A sceptical economist such as myself might point out to the failure of a similar radical Neo-Liberal programme in the former USSR. This programme of radical reform had such disastrous effects that some Russian nationalists believed that it was a programme implemented to deliberately weaken the Russian economy and nation. There was in the 1990s after the collapse of the communist system, the wholesale privatisation of state run businesses. The least efficient were closed for lack of buyers so creating large scale unemployment and poverty.  Those businesses that were bought were purchased at knock down prices from the state by the oligarchs (often former officers of the KGB), with the result that control of the economy was transferred from the state to the oligarchs to the detriment of the Russian people. Economic reform was introduced by a government that had no real understanding of Western society and economy and into a society that lacked the social institutions to make the reforms work. Instead of the free market reforms creating a new Russian liberal democracy, they created a new authoritarian state. All the old methods of repression are returning, political dissidents are confined to mental institutions or imprisoned. Poverty is still persists and it is no coincidence that Russian men have the lowest life expectancy in Europe.

Perhaps a phrase for describing the policy towards Greece would be Iraqi economics. When George Bush successfully conquered Iraq he ordered the destruction of the existing governmental system. He intended to create a liberal democracy out of the ruins of the old Baathist political system. Instead this overly optimistic programme created a political wasteland which has lead to a decade long period of internecine warfare, as the authoritarian government that existed was replace with nothing more than misplaced optimism that once freed the Iraqis would by themselves create a democratic state. The radical Neo-Liberal economic policies that have introduced to the former USSR and Greece have created an equivalent economic and social wasteland.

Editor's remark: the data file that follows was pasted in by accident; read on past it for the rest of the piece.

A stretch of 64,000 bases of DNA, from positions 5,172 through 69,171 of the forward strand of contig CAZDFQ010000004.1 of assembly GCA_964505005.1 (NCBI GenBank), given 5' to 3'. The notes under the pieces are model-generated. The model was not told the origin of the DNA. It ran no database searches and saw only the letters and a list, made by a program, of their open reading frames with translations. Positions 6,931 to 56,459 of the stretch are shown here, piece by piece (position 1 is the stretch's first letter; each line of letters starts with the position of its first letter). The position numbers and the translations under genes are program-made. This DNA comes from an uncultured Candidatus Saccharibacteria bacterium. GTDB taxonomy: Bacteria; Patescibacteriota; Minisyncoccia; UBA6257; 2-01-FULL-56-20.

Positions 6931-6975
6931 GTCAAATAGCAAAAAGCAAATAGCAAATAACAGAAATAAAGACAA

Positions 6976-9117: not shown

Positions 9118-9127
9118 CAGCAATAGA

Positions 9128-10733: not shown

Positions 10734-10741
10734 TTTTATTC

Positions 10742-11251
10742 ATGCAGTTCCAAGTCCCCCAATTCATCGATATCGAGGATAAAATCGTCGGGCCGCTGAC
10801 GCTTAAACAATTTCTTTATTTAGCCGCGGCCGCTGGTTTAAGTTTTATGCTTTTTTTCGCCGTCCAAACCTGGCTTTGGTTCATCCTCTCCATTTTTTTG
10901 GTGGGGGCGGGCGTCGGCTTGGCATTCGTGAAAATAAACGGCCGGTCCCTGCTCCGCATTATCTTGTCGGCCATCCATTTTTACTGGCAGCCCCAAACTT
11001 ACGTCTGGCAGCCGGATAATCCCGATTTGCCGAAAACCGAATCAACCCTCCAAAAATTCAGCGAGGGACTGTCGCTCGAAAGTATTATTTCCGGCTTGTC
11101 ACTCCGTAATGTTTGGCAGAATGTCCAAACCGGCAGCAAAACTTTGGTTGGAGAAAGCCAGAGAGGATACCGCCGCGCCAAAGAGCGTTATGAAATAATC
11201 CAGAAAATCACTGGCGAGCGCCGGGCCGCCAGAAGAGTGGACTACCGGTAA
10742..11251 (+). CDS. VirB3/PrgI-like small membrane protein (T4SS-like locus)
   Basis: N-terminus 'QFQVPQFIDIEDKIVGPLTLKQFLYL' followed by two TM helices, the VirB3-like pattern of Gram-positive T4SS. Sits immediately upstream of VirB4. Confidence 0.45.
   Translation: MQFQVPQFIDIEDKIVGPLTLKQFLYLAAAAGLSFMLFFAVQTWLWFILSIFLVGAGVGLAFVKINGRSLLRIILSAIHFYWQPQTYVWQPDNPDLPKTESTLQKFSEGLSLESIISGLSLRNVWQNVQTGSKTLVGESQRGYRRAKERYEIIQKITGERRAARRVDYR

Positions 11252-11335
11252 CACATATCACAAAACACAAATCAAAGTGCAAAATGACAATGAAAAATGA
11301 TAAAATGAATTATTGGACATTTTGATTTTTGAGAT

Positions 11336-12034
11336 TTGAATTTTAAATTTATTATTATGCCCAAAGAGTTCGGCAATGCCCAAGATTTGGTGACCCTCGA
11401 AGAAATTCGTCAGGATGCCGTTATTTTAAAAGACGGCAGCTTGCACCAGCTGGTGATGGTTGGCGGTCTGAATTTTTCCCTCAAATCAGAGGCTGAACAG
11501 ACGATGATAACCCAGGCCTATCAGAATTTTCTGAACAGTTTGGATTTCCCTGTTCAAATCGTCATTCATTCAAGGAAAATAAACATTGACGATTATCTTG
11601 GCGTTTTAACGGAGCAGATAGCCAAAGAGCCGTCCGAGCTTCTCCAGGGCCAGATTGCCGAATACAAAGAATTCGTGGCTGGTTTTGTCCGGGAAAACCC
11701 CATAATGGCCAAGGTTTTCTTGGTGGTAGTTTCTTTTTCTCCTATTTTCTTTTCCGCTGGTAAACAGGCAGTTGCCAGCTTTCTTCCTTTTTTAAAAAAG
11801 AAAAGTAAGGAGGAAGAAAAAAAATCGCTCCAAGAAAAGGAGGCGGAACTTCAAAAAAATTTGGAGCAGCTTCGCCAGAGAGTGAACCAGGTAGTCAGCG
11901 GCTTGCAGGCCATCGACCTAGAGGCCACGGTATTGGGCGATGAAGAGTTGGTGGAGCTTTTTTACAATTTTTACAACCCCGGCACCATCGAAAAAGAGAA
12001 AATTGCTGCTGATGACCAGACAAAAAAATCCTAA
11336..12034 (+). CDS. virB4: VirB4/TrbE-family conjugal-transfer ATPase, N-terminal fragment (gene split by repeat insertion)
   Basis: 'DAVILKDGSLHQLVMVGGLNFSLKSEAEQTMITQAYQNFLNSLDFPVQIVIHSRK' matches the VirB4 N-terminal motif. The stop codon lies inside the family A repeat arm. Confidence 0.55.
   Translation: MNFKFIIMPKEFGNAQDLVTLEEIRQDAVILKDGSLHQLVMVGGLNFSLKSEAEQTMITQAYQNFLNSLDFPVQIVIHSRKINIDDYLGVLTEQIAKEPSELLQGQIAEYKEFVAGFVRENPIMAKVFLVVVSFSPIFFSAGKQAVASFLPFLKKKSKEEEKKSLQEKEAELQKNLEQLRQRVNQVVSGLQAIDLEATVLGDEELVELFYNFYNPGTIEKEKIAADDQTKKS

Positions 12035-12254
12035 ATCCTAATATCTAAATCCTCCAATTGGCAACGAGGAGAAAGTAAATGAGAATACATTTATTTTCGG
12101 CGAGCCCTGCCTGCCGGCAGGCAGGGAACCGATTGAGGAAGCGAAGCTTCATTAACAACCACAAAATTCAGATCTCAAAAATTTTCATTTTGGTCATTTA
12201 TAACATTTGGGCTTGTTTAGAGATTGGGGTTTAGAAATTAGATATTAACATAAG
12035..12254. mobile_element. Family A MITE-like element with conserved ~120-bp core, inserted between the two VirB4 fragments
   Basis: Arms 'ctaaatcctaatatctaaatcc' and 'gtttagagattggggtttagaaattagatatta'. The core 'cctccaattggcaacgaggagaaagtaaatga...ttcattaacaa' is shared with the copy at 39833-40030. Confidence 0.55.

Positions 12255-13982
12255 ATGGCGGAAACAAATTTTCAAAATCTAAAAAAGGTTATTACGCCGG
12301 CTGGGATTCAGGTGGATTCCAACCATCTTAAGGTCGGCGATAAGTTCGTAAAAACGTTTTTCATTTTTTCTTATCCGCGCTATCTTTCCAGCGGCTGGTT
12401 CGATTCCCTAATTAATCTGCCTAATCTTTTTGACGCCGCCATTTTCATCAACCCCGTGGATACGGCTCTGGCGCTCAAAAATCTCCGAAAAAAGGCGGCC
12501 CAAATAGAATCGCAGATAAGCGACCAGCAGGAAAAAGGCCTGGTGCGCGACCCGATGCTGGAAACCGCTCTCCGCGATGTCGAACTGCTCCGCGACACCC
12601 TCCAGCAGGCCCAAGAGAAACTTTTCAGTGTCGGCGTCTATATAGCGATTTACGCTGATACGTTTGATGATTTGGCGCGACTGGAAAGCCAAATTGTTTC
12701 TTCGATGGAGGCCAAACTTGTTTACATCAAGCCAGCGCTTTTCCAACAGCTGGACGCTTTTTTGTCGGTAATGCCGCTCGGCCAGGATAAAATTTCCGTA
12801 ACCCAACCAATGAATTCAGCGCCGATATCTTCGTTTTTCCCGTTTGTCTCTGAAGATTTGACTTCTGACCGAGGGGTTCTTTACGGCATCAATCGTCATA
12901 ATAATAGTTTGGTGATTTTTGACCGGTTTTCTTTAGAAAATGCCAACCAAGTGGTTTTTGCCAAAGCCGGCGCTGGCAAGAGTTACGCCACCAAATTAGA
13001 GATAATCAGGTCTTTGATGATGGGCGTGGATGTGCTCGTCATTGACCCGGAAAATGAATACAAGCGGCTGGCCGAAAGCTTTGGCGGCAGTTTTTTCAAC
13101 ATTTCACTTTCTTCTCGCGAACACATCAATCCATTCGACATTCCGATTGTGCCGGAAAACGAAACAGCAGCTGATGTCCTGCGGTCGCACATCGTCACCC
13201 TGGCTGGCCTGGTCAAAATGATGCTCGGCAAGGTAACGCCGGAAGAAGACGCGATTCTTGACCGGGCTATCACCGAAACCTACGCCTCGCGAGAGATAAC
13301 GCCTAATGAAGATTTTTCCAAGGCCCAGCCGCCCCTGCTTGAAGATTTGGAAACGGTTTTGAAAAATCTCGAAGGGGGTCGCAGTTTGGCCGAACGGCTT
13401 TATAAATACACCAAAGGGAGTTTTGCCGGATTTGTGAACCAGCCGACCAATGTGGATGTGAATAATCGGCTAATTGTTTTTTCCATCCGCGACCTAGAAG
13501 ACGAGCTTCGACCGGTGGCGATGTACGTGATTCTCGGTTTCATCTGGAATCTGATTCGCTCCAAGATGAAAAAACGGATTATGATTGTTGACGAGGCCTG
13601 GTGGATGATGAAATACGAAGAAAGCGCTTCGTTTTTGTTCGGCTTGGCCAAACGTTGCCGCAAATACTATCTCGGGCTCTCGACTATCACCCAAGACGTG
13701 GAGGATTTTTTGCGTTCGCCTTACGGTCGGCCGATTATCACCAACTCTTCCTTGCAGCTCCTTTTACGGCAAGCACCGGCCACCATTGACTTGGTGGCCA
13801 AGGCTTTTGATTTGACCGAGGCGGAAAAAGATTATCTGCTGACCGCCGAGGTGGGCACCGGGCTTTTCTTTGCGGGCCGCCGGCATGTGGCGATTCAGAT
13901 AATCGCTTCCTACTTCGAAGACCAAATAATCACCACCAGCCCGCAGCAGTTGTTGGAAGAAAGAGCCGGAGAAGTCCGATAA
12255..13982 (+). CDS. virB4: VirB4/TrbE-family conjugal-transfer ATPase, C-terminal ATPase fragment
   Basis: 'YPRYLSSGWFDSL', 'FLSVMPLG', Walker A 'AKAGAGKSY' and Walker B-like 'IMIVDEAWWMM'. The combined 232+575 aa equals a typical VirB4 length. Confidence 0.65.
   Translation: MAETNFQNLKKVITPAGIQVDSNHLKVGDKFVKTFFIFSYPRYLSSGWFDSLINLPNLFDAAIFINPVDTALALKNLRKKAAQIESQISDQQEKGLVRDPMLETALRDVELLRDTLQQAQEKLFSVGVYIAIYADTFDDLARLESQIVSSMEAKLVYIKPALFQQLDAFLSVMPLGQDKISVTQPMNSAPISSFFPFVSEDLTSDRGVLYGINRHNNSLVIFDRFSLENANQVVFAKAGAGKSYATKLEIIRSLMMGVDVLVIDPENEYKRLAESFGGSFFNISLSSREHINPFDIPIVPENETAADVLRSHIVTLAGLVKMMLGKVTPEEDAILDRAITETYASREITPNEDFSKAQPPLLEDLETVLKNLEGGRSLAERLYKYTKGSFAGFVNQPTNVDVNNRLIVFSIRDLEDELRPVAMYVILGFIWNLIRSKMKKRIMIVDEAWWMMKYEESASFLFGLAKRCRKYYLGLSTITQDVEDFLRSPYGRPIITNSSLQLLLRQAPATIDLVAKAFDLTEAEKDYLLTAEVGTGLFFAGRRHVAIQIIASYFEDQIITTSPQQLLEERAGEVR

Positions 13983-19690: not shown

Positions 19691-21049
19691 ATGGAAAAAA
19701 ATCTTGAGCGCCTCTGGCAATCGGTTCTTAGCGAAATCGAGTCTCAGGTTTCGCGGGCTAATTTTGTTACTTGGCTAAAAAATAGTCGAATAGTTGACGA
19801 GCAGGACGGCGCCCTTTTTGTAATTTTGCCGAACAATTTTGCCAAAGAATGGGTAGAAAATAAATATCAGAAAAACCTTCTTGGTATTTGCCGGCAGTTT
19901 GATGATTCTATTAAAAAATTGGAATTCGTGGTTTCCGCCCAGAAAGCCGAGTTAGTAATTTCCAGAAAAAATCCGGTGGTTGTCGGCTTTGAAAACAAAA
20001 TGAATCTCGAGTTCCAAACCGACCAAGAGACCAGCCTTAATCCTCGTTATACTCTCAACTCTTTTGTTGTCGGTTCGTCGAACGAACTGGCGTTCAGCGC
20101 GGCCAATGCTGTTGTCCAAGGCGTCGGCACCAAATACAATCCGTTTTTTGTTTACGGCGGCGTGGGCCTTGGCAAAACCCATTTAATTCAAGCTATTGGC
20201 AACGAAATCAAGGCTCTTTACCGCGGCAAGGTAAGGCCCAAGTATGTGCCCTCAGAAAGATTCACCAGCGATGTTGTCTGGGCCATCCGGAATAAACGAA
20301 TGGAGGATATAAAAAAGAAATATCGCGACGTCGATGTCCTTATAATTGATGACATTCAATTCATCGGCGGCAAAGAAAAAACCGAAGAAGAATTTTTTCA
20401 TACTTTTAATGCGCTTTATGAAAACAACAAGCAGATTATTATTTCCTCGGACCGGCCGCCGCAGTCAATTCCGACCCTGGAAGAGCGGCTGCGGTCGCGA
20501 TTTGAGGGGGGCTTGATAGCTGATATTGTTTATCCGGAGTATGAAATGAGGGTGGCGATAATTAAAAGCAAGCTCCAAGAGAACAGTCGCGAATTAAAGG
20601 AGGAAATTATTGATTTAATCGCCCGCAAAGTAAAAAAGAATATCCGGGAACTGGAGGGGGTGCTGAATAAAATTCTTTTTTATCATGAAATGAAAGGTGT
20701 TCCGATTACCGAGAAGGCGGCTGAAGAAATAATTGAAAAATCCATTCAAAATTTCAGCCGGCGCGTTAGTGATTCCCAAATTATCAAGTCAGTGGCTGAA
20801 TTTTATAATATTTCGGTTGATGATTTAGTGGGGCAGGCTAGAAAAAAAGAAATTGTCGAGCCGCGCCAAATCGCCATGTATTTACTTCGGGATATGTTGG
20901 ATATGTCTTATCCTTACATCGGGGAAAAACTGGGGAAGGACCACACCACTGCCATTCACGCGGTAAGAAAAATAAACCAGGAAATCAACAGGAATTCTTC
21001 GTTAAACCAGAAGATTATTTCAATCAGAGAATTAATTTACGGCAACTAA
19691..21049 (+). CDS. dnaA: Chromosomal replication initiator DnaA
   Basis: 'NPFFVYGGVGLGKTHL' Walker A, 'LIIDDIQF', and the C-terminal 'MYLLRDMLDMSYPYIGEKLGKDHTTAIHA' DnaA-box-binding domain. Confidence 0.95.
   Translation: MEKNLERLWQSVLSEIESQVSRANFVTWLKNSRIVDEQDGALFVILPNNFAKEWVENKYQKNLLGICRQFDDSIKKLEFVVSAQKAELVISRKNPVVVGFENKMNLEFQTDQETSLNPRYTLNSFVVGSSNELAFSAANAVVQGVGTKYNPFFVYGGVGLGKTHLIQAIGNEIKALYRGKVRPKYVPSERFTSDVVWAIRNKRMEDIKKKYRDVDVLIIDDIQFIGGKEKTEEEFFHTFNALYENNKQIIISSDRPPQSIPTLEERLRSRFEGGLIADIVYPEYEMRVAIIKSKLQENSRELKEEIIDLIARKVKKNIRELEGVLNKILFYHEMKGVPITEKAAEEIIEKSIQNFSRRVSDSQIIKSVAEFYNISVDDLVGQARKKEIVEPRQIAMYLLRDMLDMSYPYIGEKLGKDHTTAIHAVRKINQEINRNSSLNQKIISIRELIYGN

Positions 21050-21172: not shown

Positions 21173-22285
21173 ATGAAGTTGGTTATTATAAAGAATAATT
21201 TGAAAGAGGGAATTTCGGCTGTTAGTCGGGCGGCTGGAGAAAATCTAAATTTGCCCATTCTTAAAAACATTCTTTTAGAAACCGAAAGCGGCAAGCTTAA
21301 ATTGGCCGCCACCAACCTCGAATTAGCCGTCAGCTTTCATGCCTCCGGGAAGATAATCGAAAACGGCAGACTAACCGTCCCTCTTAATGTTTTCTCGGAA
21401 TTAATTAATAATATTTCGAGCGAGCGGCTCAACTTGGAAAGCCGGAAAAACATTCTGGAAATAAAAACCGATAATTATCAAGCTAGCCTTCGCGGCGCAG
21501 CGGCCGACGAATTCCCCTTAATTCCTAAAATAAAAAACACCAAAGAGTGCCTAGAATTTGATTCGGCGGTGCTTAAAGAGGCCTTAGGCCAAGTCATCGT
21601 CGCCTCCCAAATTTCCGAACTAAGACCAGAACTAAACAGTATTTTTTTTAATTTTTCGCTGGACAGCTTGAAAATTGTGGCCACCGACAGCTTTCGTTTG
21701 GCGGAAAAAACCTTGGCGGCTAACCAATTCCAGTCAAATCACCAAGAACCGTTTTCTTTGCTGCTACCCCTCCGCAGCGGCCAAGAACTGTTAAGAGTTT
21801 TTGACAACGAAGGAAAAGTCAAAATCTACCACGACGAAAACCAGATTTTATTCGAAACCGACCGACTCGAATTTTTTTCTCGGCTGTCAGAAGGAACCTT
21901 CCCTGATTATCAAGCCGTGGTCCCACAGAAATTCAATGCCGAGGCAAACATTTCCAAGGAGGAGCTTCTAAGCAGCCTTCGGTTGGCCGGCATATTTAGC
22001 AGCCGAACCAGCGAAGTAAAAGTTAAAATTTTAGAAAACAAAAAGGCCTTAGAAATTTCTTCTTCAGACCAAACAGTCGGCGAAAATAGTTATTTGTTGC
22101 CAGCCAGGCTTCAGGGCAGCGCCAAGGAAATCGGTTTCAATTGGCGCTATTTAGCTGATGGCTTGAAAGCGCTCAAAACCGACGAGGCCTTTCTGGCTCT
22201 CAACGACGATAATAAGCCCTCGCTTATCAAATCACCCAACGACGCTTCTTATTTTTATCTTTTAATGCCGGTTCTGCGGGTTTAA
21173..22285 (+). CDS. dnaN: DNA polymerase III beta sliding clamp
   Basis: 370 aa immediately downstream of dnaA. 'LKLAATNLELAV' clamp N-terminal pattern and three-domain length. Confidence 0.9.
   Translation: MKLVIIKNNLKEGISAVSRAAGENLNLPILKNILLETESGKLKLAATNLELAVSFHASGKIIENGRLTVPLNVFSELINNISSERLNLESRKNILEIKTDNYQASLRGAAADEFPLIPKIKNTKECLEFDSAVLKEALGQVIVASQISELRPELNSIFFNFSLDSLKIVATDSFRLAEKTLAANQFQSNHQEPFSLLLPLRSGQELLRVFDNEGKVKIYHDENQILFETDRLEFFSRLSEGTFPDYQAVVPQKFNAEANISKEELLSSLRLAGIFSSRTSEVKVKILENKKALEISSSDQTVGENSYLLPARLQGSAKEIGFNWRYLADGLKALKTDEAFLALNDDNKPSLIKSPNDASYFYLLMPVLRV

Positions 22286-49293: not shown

At some subconscious level of thought it does seem that the European politicians do seem realise that radical Neo-Liberalism can only be imposed by an authoritarian government. They have been trying to remove the democratically elected Syria government and replace it with one of technocrats that will do their bidding.

What the sceptical economist would have done is to work within the existing political system and with its leaders to adopt a gradual reform programme, consisting of those measures that would bring some amelioration to suffering of the Greek people.  The obvious one is some measure of debt relief, this would mean that the European banks that made irresponsible loans to the Greek government would suffer financial loss as their would the Greeks would be defaulting on their loans. However they would be paying their price for their irresponsible lending, which is what should happen in a free market economy. There would be no ‘big bang’ reform of the economy but a series of negotiated and sensible reforms. Reforms that would be made with the consent of the Greek political leadership and people. There would be sufficient incentive to reform as the downgrading of Greece’s credit status, would make raising international loans difficult and costly until the Greek economy showed signs of recovery. The reforms would be modest in scope, there would be attempt to destroy Greek ‘clientelism’ as it is one of the key elements of the existing society. Reform certainly of its worst features but recognition that it is part of the unique nature of Greek society. No attempt would be made to make it a southern European equivalent of Germany or free market Britain.

What I am trying to say is the politicians and economists of the EU should recognise the limits of their knowledge. They are the last people that should claim to have a knowledge of the ideal society and economy, as people in glass houses should not throw stones. One of the criticisms is that the Greek tax collection system was ineffective, as one writer stated it was as if the state was putting out a collection plate. Yet these European critics are in their own countries encouraging rich individuals and business corporations to avoid tax. Many business corporations locate their head quarters in Luxembourg, Ireland and the Netherlands to avoid tax. Soon the UK will be added to their number as our government is developing new tax avoidance schemes to encourage business to locate in the UK.

The sceptical economist has no one big answer to the problems of managing an economy, instead they have a series of small answers. These small answers are to be tried and if fail to be replaced by alternate measures that might work. What the sceptical economist recognises is the uniqueness of different societies, which come up with different solutions to solve common problems. Is the Greek system of ‘clientelism’ really much worse than the employment practices of the United Kingdom? If clientelism produces over employment, the Anglo Saxon free market produces under employment. Government departments in Greece may have been over staffed with political place men, but British business corporations such as supermarkets are staffed with the under employed, that is workers working on split shifts on low incomes, who desperate for extra hours of work  to boost their incomes. The Greek practice of clientism is far from perfect but so are the practices of the Anglo Saxon free market. What I want but don’t see is a recognition of the fallibility of social institutions and that what might work in one society does not necessarily work in another.